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Character names matter
Harry Potter,Huckleberry Finn and, er... Hubert Gribble

Remember the dashing hero in Gone with the Wind?

What a rugged manly hero. And what a rugged manly name.

Rhett Butler. 

Imagine if he'd been named something else, like ... Percy Sprong or Hubert Gribble.



Would his character be as convincing?

 

And what if Scarlett O'Hara hadbeen something else. Enid Snirke say, or Maisie Brittlebanger?

 

Character names matter. They convey rhythm and flavour and shape. They evoke memories and reinforce the reader's response.

 

New writers often pick namesthat appeal to them. If Jack and Emma are top choices in the birth notices, you can bet on a crop of characters called Jack and Emma.

 

Why not choose something that adds to the personality of your character? An antagonist called Slade or Odinhas has much more punch than something neutral like Pete. Calvin sounds more like avictim than Brad and who would you rather meet in a dark alley - Gareth or Goober? Calling an energetic character Dasha has more oomph than something that disappears on the page like Sara.

 

RoaldDahl was a master at choosing appropriate character names. Augustus Gloop is agluttonous child. Aunt Spiker is mean and vindictive. Professor Foulbody is adubious scientist. Miss Honey is well, ... sweet, and Headmistress Trunchbullrampages through the school creating havoc.

 

Names are also useful memoryaids especially for longer novels with a cast of characters. Who can forgetthat Professor Sprout teaches Herbology at Hogwart's School or that Moaning Myrtleis a ghost?

 

It really is worth spending some time thinking about your characters' namesto get the right ‘fit.'

 

 

TIP 1: Avoid  similarities

 

When I was seven, I was given a book that featured twin sisters. The good sensible twin was Molly. The naughty one was Polly. Or maybe it was the other way round? I could never keep track because their names only differed by a single letter.

 

Names with the same beginningl etter (Penny, Ms Poulson, Dr Paul) are confusing too - especially for marginal characters. Often all that sinks in as you skim a story is the first sound. As for names with several similar characteristics such as Jason and Justin - they create an unnecessary mental chore for the reader.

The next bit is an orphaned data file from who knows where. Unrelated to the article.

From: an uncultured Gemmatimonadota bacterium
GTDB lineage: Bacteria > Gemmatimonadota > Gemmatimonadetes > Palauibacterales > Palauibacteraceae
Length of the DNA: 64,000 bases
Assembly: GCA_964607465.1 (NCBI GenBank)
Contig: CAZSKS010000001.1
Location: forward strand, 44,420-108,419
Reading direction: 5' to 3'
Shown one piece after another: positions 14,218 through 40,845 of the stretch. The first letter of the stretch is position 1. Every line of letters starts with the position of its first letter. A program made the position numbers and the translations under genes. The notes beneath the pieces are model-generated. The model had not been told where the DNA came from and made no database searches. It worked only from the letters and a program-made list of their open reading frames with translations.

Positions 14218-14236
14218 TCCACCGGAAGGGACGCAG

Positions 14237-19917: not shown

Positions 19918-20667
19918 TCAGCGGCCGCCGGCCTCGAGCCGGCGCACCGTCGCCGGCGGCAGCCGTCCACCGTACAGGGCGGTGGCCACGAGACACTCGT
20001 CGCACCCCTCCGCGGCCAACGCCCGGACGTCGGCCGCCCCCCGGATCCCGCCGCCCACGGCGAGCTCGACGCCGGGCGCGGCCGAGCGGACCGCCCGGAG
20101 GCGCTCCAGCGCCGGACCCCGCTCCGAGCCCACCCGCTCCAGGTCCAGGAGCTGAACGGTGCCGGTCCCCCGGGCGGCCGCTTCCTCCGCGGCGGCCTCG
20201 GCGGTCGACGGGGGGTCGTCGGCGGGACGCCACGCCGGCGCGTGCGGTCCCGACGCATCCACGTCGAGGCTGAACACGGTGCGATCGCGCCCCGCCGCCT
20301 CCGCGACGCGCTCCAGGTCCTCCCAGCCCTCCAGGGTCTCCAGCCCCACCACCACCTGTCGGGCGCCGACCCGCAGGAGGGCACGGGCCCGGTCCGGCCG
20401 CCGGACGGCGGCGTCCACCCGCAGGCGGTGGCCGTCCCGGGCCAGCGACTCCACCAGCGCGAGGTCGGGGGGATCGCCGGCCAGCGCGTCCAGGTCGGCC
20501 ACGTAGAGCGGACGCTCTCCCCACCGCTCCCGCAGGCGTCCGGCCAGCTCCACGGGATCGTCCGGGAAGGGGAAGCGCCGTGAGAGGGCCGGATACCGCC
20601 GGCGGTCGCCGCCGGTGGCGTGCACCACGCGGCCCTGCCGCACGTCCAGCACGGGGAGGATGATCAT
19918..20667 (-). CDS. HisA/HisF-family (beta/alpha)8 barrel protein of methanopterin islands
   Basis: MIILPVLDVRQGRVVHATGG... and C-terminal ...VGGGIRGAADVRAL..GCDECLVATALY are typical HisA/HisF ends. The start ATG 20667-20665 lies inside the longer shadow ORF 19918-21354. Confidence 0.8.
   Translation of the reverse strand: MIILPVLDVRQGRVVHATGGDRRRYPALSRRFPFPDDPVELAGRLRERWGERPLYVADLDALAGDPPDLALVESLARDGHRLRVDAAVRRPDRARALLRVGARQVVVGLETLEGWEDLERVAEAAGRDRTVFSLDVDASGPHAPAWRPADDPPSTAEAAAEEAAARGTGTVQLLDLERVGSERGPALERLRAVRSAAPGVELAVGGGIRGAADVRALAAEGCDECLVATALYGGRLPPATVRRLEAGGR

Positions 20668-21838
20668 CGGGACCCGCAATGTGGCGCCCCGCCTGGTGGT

TIP 2: Beware the complicated name

 

If you choose names that are difficult to pronounce, you create distance between reader and character. If Phiponoughlier is the only possible name for your mad scientist, introduce the name once and then provide a nickname: "Please call me Phip."

 

TIP 3: Reflect diversity

 

Western societies aremulti-cultural. Add authenticity and an inclusive feel to your work by reflecting cultural diversity in your characters' names. Educational publishers in particular, will look kindly upon the inclusion of a broad cultural range.

 

The website http://www.babyzone.com has lists of babynames by category including nationality.

 

TIP 4: Create authentic new worlds

 

Science fiction and fantasywriters can have loads of fun with characters' names. You want your names tosound different from earthly humanoids, but not too different.

 

Some writers select common namesand then change a single letter to create something new. Thus:

 

Amelia becomes Amelira

 

David becomes Dafid

 

Rhiannon becomes Rhiannor

 

Mark becomes Maik

 

Names can reflect thecharacteristics of an entire race. A preponderance of vowels suggests anethereal quality and would suit fairies or elves. Try taking a common name ofthree syllables and swapping some of the consonants for vowels. Thus:

 

Samantha becomes Eamantia

 

Jeremy becomes Aeriemy

 

Marianne becomes Ariannie

 

Joshua becomes Oeshua

 

On the other hand, names withextra consonants sound heavier. Metallic robotic creatures may have a number ofhard consonants in their names such as Broddon or Robard.

 

TIP 5: Add power to your picture book

 

Picture books names should bechosen with special care since each precious word must convey tone andatmosphere. The name Digby evokes the slow rumbling movements of a heavycreature - just perfect for the wombat in TheLong way Home (Emily Rodda).

 

On the other hand, Miretteevokes lightness and agility. Just right for the acrobat in Mirette on the High Wire (Emily ArnoldMcCully).

 

TIP 6: Play with words

 

Make a list of the personalitytraits of your character. If he or she is the anxioustype, your list might include: fidgety, flustered, twitchy, jittery, jumpy.

 

Thenplay around with these words to come up with colourful combinations ...

TitchE Finglet perhaps, or Fidge Jigglebottom.

 

Tip: 7: Use names to create a catchy title

 

I once changed a character'sname from Jenna to Jess so that I could call my story Don't Mess with Jess. Similarly for Smart Alec.

 

Catchy titles sell books andcharacter's names can be chosen to give your title that extra edge. Someexamples from my library shelf include:

 

Amelia Bodelia, Zizzy Zing, Captain Underpants, Relax Max,Crazy Kat, Yurtle the Turtle and EmilyEyefinger.

 

You can have a lot of fun comingup with good title/name combinations.

 

So ... next time you are consideringnaming your dashing hero Claude Clodwamble or your sweet school teacher MsSlambunger, you might ask yourself: "What's in a name?'

 

The answer? Plenty.

 

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© Jill McDougall 2007
 
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